Rhea Myers

Do You Need "Do You Need A Blockchain"?

Satoshi Nakamoto announced Bitcoin in the “Bitcoin Whitepaper” in 2008.

The Bitcoin Whitepaper describes how to create peer-to-peer electronic money.

All of the design decisions discussed in the whitepaper reflect this objective.

The Bitcoin Whitepaper does not mention “blockchain”.

The Bitcoin Whitepaper mentions a “timestamp server” based on validating blocks of transactions that the software it describes uses to establish the order of transactions over time.

Bitcoin does this in order to solve the “double-spend problem” without resort to “trusted third parties”.

Bitcoin must do this in order to function as peer-to-peer electronic money.

The construction of a public ledger of transactions gathered into blocks and validated using a proof-of-work algorithm in return for economic incentives paid in the currency that the system exists to create is a contingent technical element of doing so.

Blockchains and proof of work are not original to Bitcoin, there were more interesting hashing or signature schemes available in 2008, and Nakamoto Consensus does not represent the first solution to the Byzantine Generals problem in computer science.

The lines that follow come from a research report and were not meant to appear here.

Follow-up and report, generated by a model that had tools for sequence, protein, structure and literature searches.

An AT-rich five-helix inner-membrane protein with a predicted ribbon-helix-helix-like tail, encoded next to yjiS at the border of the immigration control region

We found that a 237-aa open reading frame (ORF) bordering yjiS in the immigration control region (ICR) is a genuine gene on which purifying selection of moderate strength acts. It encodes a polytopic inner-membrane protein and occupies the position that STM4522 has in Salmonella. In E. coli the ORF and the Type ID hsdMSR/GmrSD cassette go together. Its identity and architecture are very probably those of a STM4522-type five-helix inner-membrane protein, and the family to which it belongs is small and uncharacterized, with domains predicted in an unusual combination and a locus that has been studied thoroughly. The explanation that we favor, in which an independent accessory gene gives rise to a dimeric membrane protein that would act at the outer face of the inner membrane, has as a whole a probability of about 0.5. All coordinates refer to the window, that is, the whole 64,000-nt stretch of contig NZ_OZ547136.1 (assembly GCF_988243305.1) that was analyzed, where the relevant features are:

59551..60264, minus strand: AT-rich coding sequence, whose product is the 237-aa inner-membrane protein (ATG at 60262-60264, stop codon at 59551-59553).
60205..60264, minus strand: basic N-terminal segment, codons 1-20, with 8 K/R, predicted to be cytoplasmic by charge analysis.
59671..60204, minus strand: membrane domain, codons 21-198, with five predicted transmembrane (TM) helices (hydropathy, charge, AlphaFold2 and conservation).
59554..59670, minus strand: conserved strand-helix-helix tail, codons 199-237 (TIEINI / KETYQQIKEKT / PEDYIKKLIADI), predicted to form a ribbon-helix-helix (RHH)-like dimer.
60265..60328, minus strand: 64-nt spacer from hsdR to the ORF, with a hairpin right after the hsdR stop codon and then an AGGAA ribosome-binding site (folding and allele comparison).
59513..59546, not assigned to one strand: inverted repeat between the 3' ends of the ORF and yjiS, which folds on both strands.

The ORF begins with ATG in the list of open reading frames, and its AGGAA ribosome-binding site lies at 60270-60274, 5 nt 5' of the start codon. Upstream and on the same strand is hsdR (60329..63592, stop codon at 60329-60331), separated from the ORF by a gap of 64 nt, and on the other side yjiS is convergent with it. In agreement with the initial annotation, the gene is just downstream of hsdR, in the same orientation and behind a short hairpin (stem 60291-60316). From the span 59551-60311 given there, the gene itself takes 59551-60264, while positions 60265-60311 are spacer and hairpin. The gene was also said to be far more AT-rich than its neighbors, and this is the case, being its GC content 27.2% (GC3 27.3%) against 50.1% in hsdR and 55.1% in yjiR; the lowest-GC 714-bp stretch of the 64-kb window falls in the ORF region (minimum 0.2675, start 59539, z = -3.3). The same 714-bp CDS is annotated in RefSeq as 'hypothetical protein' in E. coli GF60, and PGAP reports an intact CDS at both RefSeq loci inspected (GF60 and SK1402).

This use of economic incentives to construct a data structure in an adversarial environment is Bitcoin’s only technical innovation.

We can exploit the contingent technical elements of Bitcoin’s design for peer-to-peer money as primary technical elements if they are appropriate responses to design challenges that we face elsewhere.

They are appropriate responses if they support the instantiation of the project’s stated goal with the same degree of utility that they support Bitcoin’s stated objective of producing peer-to-peer electronic money, or at least to a high degree.

Such instantiations stand a better chance of not being solutions-in-search-of-a-problem or having broken economic incentive structures.

The building blocks of the Bitcoin whitepaper can also be exploited as primary concepts if they represent appropriate responses to the conceptual challenges of a project.

We must be careful not to fetishize or miscast them.

For example “trust” in the Bitcoin Whitepaper appears only in the phrase “trusted third parties”, taken from the writing of Nick Szabo, and refers to the unjust and unavoidable intervention into social relationships of potential opponents that might better be described as “treacherous third parties” in the style of Richard Stallman.

In both the technical and conceptual cases, varying emphasis or adding or removing elements from those present in Bitcoin without sufficiently addressing the impact of doing so or the ideological and economic balance of the resulting system can negatively affect its appropriateness and viability.

It is therefore vital to understanding how each element of Bitcoin contributes to doing the one thing that Bitcoin is actually meant to do and be, and being very careful when seeking to produce systems that exploit elements of it of it for purposes other than that.

All of this means that a better question than “does this project need a blockchain?” would be “what is the conceptual equivalent of peer-to-peer digital money in this domain and if this is an idea worth pursuing how would we go about constructing it?”.

That is a more difficult question though.